Instead of attachments, load any PDFs or other files to your website. Then, link people to that file with a clear call-to-action button.
Need some motion? Use a GIF. This is a series of images that instantly plays on a loop. Keep it as short as possible to keep the size down. 200KB is a good max size to aim for.
Really want to include a video? Instead, embed a screenshot of your video and link it to the video. Include a little "play button" on the screenshot for added effect.
Be sure to keep your entire email under 1MB. This includes all the images, text and code. It prevents your email from getting clipped (when it is, most people stop reading).
3. Key tactics for body copy
This part is critical. If the spam filters get past your subject line, this is the next area they're scrutinizing. Let's take a look at some of the dos and don'ts.
Bad calls with body copy
Don't use hyped-up sales language. Also, avoid all-caps and excess bolding, italicizing, punctuation, etc. (Same rules that apply to subject lines.)
Don't be erratic with your font size, style and formatting. Having too many headers can be a trigger. Also, "invisible" text (e.g., white text on a white background) is a no-go.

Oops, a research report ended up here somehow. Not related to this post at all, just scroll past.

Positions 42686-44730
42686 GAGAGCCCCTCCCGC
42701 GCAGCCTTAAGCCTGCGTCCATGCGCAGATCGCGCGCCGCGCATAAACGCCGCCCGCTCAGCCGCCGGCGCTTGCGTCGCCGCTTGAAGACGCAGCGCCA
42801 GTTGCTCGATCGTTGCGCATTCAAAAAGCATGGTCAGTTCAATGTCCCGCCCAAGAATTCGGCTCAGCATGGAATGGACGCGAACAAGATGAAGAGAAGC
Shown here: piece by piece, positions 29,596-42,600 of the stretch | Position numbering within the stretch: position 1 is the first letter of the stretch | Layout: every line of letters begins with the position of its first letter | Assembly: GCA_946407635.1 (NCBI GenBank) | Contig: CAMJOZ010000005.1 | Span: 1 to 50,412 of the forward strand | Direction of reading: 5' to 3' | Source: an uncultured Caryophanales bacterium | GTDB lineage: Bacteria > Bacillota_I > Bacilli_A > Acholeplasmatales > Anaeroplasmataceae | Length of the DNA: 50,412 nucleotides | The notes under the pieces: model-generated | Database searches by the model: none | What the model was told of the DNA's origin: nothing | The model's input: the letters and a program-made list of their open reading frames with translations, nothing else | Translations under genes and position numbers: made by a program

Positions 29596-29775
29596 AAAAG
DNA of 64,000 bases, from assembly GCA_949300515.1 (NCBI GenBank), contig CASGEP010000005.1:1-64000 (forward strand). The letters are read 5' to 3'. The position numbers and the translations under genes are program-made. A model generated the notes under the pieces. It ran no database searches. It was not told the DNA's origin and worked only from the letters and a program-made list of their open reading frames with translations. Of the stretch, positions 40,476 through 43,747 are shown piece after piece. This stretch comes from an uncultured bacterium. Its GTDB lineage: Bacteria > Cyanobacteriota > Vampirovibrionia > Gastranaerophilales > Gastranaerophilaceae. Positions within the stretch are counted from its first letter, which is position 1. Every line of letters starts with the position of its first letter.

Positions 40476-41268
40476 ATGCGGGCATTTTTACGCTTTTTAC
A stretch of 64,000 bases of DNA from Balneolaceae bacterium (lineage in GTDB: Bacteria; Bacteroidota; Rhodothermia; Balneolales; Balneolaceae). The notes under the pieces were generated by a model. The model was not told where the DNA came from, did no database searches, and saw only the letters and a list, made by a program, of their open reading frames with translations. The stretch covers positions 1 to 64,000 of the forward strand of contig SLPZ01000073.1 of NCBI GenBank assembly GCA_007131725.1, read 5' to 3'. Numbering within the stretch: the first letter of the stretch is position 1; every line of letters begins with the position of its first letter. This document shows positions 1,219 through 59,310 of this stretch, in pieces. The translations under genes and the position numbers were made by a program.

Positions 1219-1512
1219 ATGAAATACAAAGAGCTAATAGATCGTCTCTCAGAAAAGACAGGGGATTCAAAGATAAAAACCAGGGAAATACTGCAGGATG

Don't do "keyword stuffing." In other words, don't heavily overuse the same specific, targeted terms or phrases. This can be a big red flag for spam.
Don't write too much and get "clipped." Again, if folks do get your email, they'll likely stop reading at that point.
Good practices for body copy
Keep your writing style simple, direct and conversational.
Use consistent fonts that are easy to read. It's OK to use an "H1" (classic header style) for your headline, and, if the body copy is long enough (or for some enewsletter styles), an "H2" (subhead) or two. Otherwise, a simple paragraph font is best.
Have a clear call to action or CTA. What do you want people to do? Be clear in your body copy. A CTA button is also a good idea. Long email? Put your CTA higher up.
Remember, text balances images. There's no hard-and-fast rule for length, but be tight. Five to 20 words in a headline are ample. For a single-focus email, 25-100 words of description may do it. Some say just 20 lines of text for an enewsletter (200 words) is ideal.